And there are those who have little and give it all.
These are the believers in life and the bounty of life, and their
coffer is never empty.
There are those who give with joy, and that joy is their reward.
And there are those who give with pain, and that pain is their
And there are those who give and know not pain in giving, nor do
they seek joy, nor give with mindfulness of virtue;
They give as in yonder valley the myrtle breathes its fragrance into
Though the hands of such as these God speaks, and from behind their
eyes He smiles upon the earth.
It is well to give when asked, but it is better to give unasked,
And to the open-handed the search for one who shall receive is joy
greater than giving.
And is there aught you would withhold?
All you have shall some day be given;
Therefore give now, that the season of giving may be yours and not
You often say, "I would give, but only to the deserving."
The trees in your orchard say not so, nor the flocks in your
They give that they may live, for to withhold is to perish.
Surely he who is worthy to receive his days and his nights is worthy
of all else from you.
And he who has deserved to drink from the ocean of life deserves to
fill his cup from your little stream.
And what desert greater shall there be than that which lies in the
courage and the confidence, nay the charity, of
And who are you that men should rend their bosom and unveil their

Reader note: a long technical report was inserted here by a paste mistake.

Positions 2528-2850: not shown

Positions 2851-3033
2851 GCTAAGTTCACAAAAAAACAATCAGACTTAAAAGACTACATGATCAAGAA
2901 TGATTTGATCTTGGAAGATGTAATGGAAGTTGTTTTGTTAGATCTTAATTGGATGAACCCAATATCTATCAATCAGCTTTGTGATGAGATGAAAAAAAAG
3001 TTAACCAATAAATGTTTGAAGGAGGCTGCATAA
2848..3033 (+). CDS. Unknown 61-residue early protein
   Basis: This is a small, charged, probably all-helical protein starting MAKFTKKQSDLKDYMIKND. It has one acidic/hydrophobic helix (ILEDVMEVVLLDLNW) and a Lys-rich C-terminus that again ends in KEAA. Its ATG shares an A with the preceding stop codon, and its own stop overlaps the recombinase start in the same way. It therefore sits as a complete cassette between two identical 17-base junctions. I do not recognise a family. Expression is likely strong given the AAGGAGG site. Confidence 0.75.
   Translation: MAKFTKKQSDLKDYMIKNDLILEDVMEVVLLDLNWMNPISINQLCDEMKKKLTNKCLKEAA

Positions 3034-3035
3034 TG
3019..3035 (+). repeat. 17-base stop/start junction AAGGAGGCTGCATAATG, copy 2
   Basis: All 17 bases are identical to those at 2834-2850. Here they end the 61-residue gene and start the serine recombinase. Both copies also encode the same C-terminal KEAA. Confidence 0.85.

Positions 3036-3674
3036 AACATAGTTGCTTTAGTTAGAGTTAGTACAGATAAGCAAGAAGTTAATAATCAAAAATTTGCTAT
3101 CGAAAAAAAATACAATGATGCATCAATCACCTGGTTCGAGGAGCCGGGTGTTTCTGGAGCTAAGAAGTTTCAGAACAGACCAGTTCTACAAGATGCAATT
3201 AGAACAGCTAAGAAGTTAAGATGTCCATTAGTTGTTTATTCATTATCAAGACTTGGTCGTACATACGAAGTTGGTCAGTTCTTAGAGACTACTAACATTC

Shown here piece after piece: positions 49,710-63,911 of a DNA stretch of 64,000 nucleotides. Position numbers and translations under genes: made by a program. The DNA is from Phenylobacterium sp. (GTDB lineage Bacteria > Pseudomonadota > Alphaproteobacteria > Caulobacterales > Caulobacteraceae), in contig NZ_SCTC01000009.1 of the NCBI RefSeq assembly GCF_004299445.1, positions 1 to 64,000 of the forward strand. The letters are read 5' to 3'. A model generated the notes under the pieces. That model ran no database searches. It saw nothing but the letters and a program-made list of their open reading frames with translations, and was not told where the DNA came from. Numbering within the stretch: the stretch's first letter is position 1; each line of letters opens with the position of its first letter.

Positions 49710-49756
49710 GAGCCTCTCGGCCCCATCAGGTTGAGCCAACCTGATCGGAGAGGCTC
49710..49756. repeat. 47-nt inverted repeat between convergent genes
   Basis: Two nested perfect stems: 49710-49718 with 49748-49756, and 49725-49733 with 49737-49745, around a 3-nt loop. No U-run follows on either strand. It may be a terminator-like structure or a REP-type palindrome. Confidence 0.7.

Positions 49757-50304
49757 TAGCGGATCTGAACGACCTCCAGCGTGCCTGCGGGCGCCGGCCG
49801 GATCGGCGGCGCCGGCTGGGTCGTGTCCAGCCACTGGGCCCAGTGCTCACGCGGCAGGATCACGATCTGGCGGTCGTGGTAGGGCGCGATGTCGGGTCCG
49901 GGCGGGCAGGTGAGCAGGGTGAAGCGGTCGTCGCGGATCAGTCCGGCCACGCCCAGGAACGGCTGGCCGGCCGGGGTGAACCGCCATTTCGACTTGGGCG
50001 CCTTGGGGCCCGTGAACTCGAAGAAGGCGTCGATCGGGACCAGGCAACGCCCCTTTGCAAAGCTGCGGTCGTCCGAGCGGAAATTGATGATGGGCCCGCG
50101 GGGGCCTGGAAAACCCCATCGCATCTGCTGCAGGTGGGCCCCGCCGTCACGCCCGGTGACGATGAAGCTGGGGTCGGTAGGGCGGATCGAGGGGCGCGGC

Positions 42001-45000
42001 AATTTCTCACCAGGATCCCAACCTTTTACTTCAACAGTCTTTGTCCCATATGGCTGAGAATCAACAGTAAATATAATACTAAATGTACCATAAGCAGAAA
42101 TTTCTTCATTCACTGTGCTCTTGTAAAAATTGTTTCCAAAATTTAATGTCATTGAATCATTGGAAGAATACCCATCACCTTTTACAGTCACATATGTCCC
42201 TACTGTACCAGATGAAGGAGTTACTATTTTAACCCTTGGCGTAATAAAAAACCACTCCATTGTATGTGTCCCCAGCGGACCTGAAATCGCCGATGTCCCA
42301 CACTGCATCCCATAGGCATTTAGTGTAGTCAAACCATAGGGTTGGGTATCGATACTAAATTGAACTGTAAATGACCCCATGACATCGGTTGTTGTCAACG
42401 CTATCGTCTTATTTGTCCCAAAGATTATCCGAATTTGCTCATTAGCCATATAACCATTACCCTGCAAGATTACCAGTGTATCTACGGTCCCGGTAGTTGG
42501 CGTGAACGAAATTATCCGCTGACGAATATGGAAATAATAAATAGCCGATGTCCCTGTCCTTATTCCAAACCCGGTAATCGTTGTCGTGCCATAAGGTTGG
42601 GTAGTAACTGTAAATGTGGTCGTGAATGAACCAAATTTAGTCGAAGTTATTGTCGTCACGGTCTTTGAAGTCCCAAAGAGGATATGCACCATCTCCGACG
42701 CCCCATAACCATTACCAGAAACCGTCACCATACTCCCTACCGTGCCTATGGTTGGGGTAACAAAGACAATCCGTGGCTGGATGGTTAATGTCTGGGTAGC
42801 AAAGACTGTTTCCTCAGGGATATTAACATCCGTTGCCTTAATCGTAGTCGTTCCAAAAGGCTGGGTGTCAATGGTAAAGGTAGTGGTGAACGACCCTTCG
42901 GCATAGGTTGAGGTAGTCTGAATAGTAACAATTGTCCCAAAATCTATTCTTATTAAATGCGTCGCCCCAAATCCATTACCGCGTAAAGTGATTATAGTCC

pride, that you may see their worth naked and their
See first that you yourself deserve to be a giver, and an instrument
For in truth it is life that gives unto life -- while you, who deem
yourself a giver, are but a witness.
And you receivers -- and you are all receivers -- assume no weight
of gratitude, lest you lay a yoke upon yourself and
upon him who gives.
Rather rise together with the giver on his gifts as on wings;
For to be overmindful of your debt, is to doubt his generosity who has
the free-hearted earth for mother, and God for
a distant, timeless place, a mysterious prophet
walks the sands. At the moment of his departure,
he wishes to offer the people gifts but possesses
nothing. The people gather round, each asks a
question of the heart, and the man's wisdom is
his gift. It is Gibran's gift to us, as well, for
Gibran's prophet is rivaled in his wisdom only
by the founders of the world's great religions.
On the most basic topics--marriage, children,
friendship, work, pleasure--his words have a
power and lucidity that in another era would
surely have provoked the description "divinely
inspired." Free of dogma, free of power
structures and metaphysics, consider these
poetic, moving aphorisms a 20th-century
supplement to all sacred traditions--as
millions of other readers already have.